`Adding Olive Oil Phenols to Seed Oils Reduces the Health Risks of Frying - Olive Oil Times

Adding Olive Oil Phenols to Seed Oils Reduces the Health Risks of Frying

Aug. 31, 2011
Julie Butler

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Spanish researchers have devel­oped a way of adding olive oil’s phe­no­lic com­pounds to oils made from seeds, such as sun­flower oil, so they form fewer toxic com­pounds when fried with.

Finanzas.com reported this week that the Maimonides Institute for Biomedical Research (IMIBIC) in Córdoba recently patented the tech­nique, which increases the level of antiox­i­dants present in seed oils thanks to the addi­tion of olive oil phe­nols. The lat­ter off­set the pro­duc­tion of harm­ful sub­stances gen­er­ated when seed oil is heated, and par­tic­u­larly when the same oil is recy­cled for fry­ing.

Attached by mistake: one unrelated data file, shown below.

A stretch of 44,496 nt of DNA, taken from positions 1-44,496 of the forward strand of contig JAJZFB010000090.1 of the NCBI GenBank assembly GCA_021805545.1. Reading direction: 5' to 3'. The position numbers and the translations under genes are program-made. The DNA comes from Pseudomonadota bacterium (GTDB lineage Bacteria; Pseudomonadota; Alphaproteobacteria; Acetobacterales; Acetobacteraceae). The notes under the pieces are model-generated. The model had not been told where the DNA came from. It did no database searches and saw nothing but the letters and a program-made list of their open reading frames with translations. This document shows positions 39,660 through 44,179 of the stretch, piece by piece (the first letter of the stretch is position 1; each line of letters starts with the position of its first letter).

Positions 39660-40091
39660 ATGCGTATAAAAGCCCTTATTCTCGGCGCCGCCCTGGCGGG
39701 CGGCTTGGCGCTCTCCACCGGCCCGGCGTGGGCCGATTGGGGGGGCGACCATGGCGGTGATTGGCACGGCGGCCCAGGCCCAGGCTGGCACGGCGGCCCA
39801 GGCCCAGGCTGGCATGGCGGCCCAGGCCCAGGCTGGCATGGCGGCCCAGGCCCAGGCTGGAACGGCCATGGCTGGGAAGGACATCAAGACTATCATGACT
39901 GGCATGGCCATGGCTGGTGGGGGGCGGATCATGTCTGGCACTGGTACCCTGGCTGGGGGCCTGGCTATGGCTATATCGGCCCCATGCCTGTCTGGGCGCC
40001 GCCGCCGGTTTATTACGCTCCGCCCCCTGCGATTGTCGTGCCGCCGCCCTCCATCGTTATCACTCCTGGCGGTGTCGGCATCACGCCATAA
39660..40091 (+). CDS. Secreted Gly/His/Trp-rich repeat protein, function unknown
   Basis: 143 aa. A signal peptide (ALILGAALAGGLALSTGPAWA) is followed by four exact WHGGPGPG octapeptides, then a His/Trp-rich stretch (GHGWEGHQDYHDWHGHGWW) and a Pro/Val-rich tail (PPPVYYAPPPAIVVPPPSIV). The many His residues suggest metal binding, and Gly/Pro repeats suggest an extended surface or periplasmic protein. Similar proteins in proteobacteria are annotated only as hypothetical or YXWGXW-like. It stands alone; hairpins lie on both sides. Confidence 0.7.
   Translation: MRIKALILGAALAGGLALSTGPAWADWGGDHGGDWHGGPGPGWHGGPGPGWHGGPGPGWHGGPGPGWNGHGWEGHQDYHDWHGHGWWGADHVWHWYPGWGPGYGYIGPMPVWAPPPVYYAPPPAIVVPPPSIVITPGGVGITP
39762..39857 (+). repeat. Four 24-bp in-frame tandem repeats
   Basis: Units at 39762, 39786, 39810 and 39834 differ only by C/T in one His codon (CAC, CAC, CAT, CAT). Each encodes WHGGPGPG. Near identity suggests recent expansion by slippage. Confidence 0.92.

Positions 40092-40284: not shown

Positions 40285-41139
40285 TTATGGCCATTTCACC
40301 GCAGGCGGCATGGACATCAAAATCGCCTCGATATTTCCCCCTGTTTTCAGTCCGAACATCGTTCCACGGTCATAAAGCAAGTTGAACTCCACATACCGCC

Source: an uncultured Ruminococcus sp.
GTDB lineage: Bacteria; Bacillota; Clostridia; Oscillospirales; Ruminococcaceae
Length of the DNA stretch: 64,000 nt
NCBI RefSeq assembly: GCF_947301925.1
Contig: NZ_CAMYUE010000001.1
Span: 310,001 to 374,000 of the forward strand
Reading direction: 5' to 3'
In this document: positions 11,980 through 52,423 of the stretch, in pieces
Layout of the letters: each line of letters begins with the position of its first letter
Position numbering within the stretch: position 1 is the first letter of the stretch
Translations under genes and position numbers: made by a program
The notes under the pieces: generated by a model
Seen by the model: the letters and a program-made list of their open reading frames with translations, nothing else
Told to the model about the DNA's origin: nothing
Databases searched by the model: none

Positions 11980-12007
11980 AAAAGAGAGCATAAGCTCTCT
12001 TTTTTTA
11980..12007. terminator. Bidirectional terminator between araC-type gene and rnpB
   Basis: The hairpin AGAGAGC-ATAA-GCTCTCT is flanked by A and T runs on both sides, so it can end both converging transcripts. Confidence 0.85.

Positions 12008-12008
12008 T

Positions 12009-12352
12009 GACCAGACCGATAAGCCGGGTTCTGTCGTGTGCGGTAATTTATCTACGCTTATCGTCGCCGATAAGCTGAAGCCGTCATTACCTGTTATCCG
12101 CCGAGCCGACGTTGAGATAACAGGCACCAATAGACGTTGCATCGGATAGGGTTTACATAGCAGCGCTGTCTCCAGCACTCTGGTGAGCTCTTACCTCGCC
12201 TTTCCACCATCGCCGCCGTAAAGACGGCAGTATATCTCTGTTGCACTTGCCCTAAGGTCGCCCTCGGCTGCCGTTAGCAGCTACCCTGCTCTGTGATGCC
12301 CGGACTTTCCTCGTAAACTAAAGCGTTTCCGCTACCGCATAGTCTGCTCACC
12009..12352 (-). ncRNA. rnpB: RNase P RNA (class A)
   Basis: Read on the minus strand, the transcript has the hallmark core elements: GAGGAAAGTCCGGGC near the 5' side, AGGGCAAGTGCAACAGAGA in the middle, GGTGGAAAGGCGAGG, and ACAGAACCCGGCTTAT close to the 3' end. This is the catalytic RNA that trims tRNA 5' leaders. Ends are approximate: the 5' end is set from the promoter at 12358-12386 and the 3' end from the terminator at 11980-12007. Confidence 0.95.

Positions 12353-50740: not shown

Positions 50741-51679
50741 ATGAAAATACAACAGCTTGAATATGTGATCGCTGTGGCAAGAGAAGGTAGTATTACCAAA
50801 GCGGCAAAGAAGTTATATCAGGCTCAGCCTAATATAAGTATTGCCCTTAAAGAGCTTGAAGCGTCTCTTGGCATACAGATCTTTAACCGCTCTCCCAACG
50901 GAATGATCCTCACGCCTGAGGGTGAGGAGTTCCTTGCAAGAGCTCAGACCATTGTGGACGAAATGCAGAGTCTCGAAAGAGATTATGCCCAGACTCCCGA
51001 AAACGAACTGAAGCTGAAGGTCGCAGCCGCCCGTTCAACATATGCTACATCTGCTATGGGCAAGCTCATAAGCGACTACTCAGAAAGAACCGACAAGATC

Lipid per­ox­ides — which increase the risk of ath­er­o­scle­ro­sis, can­cer and other chronic degen­er­a­tive dis­eases — are formed even when olive oil is heated, but the polyphe­nols pro­tect against this process.

Carlos González, head of tech­nol­ogy trans­fer at IMIBIC, said the break­through was impor­tant for health­ier fry­ing. He said the phe­no­lic com­pounds ham­pered the chem­i­cal reac­tions of hydrol­y­sis and oxi­da­tion. These reac­tions are a par­tic­u­lar risk in deep-fry­ing and not only a health risk but adversely affect the taste and nutri­tional value of food.

Studies have shown that the level of polar com­pounds in fry­ing oils – which increases as the oil dete­ri­o­rates – is a pre­dic­tor of high blood pres­sure and that there is a link between con­sump­tion of polar com­pounds and the build-up of fatty deposits on artery walls.

González said the next step was to find com­pa­nies inter­ested in com­mer­cial­iz­ing seed oils enhanced via the new process. At the ear­li­est, such oils might be on the mar­ket in a year or so, he said.


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